Columnist Suzanne Fields has an interesting take on the masculinity of Marlon Brando. According to Fields, Brando, who died last week, personified “virility in transition.”
One might say that Brando foreshadowed the sensitive Alan Alda Man, while playing some of the most macho guys of stage and screen (somehow it is always Stanley Kowalski of “Streetcar” who comes most readily to mind).
A few days before Brando’s death, Fields notes, New York Times had a spread on “leading man under the headline, ’Hollywood’s He-Men Are Bumped by Sensitive Guys.’ The new crop of fresh-faced, dewy-eyed sensitive boys such as Leonardo DiCaprio and Jake Gyllenhaal, the Times pronounced, are ’soft of cheek, with limpid stares and wiry frames,’ and have barely enough hair on their faces, let alone on their chests, to make it worth their while to buy a razor. They are the latest, it is said, in the tradition of Dustin Hoffman, James Dean and Marlon Brando.”
As a transitional figure, Brando “partook of the masculinity of the strong, sexually aggressive heavies from the 1940s, and he reinforced the new trend toward vulnerable and needy antiheroes, the types played by James Dean and Montgomery Clift. Brando was the actor who dished the dichotomy between virility and vulnerability as traits at war with each other. He epitomized the identity crisis the American male suffer for the next few decades.”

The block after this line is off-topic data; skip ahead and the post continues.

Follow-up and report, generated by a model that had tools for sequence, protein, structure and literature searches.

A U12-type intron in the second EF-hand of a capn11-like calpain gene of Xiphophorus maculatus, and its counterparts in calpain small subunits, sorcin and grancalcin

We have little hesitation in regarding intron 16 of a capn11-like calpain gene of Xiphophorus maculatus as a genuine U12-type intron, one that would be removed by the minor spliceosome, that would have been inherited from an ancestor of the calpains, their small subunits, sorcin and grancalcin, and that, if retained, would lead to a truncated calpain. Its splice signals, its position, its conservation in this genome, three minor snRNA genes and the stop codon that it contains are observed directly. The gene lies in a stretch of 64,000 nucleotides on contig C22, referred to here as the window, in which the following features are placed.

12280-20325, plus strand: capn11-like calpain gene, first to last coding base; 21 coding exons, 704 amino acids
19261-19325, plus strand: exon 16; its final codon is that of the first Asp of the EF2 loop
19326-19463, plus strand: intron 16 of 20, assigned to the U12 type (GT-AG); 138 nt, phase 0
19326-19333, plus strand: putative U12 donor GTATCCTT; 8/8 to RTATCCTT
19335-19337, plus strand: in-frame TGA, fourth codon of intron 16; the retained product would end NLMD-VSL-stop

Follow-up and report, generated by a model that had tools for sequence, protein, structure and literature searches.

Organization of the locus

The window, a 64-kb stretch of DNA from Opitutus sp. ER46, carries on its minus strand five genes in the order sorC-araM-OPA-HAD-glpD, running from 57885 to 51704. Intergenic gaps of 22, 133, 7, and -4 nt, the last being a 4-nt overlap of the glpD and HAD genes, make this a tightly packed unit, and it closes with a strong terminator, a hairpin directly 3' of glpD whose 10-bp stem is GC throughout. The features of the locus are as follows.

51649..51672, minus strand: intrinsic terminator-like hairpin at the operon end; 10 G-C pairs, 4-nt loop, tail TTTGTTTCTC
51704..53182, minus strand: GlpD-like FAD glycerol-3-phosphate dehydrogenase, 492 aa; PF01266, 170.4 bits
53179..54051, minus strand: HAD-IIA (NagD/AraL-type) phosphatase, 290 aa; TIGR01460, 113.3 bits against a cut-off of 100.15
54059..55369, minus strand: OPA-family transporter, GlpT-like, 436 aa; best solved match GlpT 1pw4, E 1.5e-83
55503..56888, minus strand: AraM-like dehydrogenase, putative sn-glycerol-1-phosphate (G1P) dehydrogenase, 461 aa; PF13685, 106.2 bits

“The way Brando portrayed the tension between virility and vulnerability made him unique….”
Brando also manifested the essence of his generation in another way–he embraced every cause that came down the pike.
“If James Dean was a rebel without a cause,” writes Fields, “Brando sought all the causes that defined the ’60s. He moved on from the character of Johnny Strabbler in ’The Wild One,’ who, when asked what he was rebelling against, famously replied, ’What’ve you got?’ In real life Brando championed the rights of the American Indian, the Black Panther Party and Soviet Jews.”
What a mixed-up guy. What a great actor.